In a year dominated by the UK's vote to leave the European Union and the election of Donald Trump, there were mixed fortunes for Britain's far right. For them it was a year of further marginalisation, convictions and bans punctuated only by extreme acts of violence - such as the horrific murder of Jo Cox.
By injecting honesty and integrity into our politics we may have a chance of fighting back against the 'fake news', 'post-truth' normalisation that is taking place. Needless to say politics is a dark art, and we'll never have a political order based on complete honesty, however all I'm really talking about here is the need to take responsibility for their own actions.
If there is any reason at all to put an immediate halt to Brexit, it is President Trump's first week in office, culminating in Prime Minister Theresa May's desperate visit to be the first leader to swear fealty - and then her inexcusable refusal to condemn the so-called Muslim Ban.
When I held up a sign behind Nigel Farage on Wednesday it, to my shock, went viral. Less shocking was the torrent of abuse and hate that followed online. Quite a few, more understandably, asked me what Nigel Farage had done to deserve having a crudely, off the cuff note held up behind his head. For those people, here's a handy list of just five fibs Nigel Farage told that day and over the past decade.
Just a few minutes after the PM's speech yesterday, a triumphant Nigel Farage rightly congratulated himself for his effective takeover of the UK Government. Indeed Theresa May's address, aimed at appeasing the right wing tabloids, sounded like a UKIP conference speech. There can be no doubt it would have received a resounding and prolonged standing ovation there.
We are still in the calm before the storm. In Britain and the United States, the new right has seized power but it has not yet had to use it. We are on the brink of a new era defined by values and priorities at odds with those that have held sway in the West for decades, but we can only guess at what happens next.
For the second time in under a month, Jeremy Corbyn has been presented with a resignation from a moderate Labour politician, piling further pressure o...
Umunna is trying to find a middle way between the close-all-the-borders rhetoric of some Leave campaigners, and the protect-freedom-of-movement-at-all cost cries of hard-core Remainers. While this may be an intellectual responsible course of action for Labour, it could hold short-term pain at the ballot box.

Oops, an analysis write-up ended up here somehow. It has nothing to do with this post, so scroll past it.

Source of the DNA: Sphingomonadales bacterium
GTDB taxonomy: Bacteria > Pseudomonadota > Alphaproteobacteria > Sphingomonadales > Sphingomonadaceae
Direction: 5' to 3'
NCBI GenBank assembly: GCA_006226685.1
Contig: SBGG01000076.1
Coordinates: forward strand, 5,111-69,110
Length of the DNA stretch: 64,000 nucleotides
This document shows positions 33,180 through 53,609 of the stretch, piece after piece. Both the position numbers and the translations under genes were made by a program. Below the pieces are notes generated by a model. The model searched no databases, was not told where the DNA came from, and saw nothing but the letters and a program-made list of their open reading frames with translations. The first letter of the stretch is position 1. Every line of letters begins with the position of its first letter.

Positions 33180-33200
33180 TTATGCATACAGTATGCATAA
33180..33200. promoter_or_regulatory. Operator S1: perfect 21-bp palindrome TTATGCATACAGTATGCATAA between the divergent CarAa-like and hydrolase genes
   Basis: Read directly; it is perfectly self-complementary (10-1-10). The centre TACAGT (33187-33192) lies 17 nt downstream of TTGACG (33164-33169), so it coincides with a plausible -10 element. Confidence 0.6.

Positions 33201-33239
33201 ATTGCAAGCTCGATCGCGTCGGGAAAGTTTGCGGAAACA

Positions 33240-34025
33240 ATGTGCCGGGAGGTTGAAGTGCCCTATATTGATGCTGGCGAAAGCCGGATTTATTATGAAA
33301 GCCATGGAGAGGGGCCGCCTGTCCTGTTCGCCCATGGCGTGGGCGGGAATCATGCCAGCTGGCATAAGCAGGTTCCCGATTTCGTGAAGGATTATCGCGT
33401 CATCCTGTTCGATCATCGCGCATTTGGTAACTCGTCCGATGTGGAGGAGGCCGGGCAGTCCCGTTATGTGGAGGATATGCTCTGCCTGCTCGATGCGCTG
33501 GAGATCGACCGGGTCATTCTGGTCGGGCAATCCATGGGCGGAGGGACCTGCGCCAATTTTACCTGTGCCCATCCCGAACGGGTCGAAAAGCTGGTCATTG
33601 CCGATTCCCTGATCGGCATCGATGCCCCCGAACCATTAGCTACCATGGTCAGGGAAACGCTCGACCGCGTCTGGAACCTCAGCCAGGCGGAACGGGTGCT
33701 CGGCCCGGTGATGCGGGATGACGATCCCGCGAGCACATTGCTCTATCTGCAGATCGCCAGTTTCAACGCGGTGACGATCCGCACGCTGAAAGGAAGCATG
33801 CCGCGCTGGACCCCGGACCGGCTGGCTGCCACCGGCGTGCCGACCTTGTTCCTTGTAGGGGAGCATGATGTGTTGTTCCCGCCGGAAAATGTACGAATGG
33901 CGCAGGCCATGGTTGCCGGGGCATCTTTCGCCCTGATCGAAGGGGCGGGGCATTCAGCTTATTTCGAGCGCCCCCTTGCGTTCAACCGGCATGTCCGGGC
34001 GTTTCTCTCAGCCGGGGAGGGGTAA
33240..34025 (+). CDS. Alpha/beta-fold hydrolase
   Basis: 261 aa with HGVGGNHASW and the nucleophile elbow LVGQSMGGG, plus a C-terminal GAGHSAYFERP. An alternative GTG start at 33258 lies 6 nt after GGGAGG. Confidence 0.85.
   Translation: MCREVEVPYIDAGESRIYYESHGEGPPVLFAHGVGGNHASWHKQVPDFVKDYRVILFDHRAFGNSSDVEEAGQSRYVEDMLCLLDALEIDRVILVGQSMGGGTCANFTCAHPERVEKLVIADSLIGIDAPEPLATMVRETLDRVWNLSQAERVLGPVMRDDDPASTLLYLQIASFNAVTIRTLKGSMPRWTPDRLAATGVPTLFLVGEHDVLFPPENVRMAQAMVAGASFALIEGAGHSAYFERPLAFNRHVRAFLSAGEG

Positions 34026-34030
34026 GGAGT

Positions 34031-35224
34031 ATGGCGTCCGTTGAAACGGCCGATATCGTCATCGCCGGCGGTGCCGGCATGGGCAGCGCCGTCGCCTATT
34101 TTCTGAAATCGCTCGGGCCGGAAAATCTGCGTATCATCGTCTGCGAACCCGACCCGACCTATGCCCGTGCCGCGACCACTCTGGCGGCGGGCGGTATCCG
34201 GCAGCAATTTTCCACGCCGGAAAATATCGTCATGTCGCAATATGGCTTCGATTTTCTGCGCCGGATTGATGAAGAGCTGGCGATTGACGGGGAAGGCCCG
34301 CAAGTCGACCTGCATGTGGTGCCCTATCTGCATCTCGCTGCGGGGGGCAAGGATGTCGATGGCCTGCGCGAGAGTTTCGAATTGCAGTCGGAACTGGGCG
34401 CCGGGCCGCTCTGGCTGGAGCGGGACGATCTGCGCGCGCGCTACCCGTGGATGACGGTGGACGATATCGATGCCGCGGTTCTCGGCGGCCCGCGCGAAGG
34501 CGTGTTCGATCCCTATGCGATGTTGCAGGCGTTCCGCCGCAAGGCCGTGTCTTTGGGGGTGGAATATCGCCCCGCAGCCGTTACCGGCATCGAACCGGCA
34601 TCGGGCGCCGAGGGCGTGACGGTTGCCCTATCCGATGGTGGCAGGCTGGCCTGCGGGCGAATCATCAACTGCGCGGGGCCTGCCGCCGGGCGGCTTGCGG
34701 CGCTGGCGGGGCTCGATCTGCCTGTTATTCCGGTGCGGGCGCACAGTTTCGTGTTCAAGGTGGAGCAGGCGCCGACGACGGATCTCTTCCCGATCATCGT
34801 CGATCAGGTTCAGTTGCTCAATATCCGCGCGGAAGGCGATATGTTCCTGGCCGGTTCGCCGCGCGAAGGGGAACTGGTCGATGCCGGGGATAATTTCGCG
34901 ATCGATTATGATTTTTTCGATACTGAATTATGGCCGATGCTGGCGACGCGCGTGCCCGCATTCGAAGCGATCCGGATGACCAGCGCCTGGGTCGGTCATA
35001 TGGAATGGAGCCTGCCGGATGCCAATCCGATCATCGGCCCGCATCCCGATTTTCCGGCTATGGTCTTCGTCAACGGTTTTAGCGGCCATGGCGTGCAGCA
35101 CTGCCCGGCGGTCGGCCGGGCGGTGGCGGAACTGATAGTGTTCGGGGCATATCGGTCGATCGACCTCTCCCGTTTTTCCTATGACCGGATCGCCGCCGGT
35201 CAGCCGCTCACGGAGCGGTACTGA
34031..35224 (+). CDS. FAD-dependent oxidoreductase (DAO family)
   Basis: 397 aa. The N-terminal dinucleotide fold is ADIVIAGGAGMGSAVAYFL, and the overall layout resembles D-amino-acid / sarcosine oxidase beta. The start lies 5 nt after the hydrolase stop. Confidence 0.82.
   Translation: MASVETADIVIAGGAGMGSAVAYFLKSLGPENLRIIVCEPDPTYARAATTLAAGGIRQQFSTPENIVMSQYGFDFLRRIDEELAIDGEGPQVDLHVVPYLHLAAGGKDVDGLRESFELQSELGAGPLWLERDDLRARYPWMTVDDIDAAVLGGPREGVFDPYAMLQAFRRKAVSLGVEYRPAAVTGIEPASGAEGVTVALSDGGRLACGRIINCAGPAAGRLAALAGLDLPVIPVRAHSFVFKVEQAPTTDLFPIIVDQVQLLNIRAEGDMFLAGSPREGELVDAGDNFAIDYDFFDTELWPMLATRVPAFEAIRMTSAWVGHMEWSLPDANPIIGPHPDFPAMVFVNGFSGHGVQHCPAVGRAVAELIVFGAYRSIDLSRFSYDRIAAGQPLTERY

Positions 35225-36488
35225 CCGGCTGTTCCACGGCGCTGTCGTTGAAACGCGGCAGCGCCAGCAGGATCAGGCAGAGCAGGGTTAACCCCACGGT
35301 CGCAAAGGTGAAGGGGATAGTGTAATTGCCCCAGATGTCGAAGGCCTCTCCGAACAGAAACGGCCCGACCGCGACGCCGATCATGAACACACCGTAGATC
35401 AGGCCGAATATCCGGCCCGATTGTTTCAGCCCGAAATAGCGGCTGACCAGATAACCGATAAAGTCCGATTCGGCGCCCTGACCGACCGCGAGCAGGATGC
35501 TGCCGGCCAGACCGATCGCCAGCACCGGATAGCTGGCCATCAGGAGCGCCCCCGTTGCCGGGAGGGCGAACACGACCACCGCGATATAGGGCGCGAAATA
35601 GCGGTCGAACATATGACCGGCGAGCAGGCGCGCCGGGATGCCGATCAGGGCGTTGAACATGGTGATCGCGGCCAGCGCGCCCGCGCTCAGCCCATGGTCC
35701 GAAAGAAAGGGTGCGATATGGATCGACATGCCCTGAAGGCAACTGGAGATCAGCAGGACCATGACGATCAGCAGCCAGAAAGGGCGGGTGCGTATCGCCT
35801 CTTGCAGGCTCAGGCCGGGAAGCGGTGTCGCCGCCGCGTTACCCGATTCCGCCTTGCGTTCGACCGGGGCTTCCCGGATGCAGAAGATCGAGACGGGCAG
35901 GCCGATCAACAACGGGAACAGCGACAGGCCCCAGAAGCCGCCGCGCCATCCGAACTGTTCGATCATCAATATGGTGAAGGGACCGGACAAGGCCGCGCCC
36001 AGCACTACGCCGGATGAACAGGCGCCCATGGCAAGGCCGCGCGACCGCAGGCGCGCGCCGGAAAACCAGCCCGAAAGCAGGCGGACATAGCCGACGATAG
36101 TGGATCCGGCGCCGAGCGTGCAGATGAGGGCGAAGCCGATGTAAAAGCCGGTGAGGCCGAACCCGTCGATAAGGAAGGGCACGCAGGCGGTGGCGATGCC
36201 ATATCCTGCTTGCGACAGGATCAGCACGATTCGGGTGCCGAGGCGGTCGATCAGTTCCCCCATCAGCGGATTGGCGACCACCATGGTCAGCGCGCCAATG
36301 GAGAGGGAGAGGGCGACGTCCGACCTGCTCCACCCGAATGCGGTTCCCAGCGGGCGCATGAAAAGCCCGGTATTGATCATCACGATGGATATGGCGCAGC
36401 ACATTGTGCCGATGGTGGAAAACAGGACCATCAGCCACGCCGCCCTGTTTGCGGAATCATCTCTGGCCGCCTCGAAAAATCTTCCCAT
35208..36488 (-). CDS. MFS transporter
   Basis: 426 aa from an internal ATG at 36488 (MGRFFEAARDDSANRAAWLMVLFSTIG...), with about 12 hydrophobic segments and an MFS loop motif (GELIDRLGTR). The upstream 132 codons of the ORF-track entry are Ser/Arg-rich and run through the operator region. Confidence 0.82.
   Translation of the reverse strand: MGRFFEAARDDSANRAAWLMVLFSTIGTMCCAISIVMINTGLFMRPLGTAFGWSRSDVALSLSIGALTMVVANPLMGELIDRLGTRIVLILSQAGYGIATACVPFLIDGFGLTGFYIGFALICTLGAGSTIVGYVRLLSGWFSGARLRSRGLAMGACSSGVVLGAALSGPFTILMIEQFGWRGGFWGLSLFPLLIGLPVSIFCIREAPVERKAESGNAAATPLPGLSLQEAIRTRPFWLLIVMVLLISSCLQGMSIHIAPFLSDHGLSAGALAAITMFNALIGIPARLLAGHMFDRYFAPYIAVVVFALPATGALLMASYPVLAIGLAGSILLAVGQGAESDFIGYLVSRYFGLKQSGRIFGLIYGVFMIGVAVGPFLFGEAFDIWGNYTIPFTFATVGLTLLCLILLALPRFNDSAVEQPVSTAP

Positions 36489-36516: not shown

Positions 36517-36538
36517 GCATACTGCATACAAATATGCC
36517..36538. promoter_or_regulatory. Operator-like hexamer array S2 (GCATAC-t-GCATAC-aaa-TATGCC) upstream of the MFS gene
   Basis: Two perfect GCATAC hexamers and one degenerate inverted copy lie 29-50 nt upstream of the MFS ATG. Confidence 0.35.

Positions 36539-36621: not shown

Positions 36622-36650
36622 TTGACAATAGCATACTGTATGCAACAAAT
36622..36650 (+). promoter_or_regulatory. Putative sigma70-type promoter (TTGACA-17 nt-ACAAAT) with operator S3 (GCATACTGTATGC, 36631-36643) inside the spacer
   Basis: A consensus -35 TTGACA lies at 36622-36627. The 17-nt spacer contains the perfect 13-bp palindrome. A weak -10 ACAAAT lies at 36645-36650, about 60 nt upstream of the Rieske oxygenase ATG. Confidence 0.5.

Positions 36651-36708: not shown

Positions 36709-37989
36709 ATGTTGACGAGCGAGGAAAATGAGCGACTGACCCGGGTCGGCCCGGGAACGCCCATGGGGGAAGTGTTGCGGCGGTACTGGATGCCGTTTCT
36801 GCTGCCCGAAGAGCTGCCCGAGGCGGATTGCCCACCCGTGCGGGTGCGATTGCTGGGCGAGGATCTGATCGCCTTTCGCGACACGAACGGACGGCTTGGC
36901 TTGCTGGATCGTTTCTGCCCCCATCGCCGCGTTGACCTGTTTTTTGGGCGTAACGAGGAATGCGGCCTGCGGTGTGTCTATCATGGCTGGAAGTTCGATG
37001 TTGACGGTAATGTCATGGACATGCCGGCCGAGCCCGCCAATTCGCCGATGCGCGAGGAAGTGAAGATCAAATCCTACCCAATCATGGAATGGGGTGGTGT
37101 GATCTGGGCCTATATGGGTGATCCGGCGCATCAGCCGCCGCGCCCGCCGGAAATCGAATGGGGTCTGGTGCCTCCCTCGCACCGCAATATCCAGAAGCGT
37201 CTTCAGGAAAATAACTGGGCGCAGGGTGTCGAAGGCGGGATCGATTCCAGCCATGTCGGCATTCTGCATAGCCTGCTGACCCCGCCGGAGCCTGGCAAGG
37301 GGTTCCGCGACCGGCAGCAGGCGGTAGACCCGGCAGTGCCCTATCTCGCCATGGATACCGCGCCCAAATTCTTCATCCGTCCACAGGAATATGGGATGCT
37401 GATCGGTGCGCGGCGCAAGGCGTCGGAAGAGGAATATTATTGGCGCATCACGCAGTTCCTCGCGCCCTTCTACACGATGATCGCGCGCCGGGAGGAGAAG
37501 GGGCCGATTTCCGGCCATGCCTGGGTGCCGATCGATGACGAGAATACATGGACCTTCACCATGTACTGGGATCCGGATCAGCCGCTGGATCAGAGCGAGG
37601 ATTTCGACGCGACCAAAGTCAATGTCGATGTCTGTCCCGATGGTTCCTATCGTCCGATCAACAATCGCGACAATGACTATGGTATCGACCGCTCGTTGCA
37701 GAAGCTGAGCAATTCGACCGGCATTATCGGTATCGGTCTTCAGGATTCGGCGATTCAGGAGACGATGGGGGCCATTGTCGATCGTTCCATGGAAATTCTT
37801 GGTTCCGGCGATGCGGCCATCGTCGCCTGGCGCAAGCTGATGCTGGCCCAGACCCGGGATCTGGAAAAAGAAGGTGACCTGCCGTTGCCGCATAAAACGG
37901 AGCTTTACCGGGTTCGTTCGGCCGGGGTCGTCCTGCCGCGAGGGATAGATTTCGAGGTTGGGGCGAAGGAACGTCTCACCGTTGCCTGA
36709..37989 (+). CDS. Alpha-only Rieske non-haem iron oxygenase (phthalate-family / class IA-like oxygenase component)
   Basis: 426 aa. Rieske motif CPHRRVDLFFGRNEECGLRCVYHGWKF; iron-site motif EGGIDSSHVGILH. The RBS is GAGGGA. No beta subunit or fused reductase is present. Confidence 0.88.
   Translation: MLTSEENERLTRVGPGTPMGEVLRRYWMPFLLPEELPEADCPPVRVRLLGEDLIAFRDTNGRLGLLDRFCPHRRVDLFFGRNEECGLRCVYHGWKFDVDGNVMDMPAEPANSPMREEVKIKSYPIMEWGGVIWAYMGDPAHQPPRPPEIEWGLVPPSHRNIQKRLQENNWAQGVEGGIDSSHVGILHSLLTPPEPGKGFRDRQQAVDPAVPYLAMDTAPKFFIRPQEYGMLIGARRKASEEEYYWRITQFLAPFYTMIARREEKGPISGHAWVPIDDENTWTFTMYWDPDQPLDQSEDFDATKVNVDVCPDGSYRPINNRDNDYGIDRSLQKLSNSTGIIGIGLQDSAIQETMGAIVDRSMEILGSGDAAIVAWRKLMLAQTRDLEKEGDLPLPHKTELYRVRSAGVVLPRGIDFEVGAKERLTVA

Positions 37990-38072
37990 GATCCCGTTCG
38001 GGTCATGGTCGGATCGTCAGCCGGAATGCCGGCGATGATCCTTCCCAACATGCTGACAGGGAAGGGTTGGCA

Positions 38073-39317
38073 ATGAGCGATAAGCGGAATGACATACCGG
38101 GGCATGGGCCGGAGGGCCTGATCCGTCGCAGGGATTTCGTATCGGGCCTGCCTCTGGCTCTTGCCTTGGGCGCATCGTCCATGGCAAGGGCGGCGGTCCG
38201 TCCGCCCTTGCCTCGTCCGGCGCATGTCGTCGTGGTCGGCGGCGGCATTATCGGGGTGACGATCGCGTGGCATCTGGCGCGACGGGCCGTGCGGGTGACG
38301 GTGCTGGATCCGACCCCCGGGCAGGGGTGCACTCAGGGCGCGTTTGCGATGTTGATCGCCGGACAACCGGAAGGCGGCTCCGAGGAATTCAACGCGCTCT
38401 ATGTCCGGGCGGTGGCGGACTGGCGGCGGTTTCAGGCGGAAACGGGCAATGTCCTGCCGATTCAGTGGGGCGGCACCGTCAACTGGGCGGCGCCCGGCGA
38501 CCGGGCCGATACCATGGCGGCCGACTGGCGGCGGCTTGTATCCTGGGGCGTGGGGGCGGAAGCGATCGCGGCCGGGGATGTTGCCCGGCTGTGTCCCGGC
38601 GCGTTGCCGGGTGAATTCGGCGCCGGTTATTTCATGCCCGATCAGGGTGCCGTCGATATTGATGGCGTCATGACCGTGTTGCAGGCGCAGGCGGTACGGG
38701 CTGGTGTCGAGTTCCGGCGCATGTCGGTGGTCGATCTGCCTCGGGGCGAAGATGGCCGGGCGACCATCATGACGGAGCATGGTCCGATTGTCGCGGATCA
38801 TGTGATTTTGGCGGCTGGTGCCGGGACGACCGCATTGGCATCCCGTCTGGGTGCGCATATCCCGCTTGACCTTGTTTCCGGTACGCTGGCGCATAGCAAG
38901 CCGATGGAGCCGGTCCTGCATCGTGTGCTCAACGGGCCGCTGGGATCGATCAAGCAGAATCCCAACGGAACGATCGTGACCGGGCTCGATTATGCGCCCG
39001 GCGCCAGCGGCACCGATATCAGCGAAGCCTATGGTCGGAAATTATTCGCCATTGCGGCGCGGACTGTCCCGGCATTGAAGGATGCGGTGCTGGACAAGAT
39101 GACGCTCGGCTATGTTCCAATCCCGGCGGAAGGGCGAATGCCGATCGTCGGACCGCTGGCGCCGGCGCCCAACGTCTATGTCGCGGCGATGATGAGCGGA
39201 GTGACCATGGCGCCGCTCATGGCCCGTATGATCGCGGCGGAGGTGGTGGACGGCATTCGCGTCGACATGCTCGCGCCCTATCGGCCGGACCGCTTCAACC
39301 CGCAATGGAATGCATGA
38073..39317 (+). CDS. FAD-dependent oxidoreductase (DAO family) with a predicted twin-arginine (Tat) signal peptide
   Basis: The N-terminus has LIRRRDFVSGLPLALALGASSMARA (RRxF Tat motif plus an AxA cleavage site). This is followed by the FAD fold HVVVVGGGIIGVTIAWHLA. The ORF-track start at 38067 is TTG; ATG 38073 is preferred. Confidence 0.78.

Way back when in 2012, before Brexit, before Trump, and before Honey G, a politics conference in Westminster Hall hosted 800 young, plucky eyed, enthu...
I use as examples my old constituency hospitals simply because I know them personally. Hull Royal Infirmary, York, Doncaster, Leeds all have massive hospitals in or close to city centres. How do you differentiate between shoppers and hospital patients or visitors? How could you police free parking?
Boris Johnson won't last another six months as Foreign Secretary. There will be too many conflicts between himself and Theresa May and something will have to give. Mrs May isn't going anywhere, so it'll be Boris. Where he'll go though is anyone's guess...
Nigel Farage represents all that is indecent in our politics and society, while Brendan Cox represents all that is decent. Sadly, as 2016 draws to a close it is Farage's Britain more than Brendan Cox's that find ourselves living in.
So what British values is the Labour Party now supporting in its move to take the place soon to be vacated by UKIP? What British values would Dame Casey and Sajid Javid make us swear allegiance to? The exploitation of xenophobia and prejudice in order to garner votes? That lack of social cohesion is not the fault of government policy or lack of funding for ESL and community programmes, but the fault of those very minorities as they simply aren't 'British enough' - so they need to swear an oath and be 're-educated'?
Above all, however, 2016 will be remembered as the year when Democracy, in contemporary parlance, 'got its strop on'. As the great Roman warrior-philosopher Maximus Decimus Meridius might have said, "What we vote in 2016, echoes in eternity." Fingers crossed.
It seems that we are being told, across Europe, that we should not support populist movements because they are not in the interest of the elite.
You're wrong, Paul Nuttall, but sadly, something tells me you're just not the kind of person to sit and reflect at length on whether or not you may be mistaken. I hope you prove me wrong.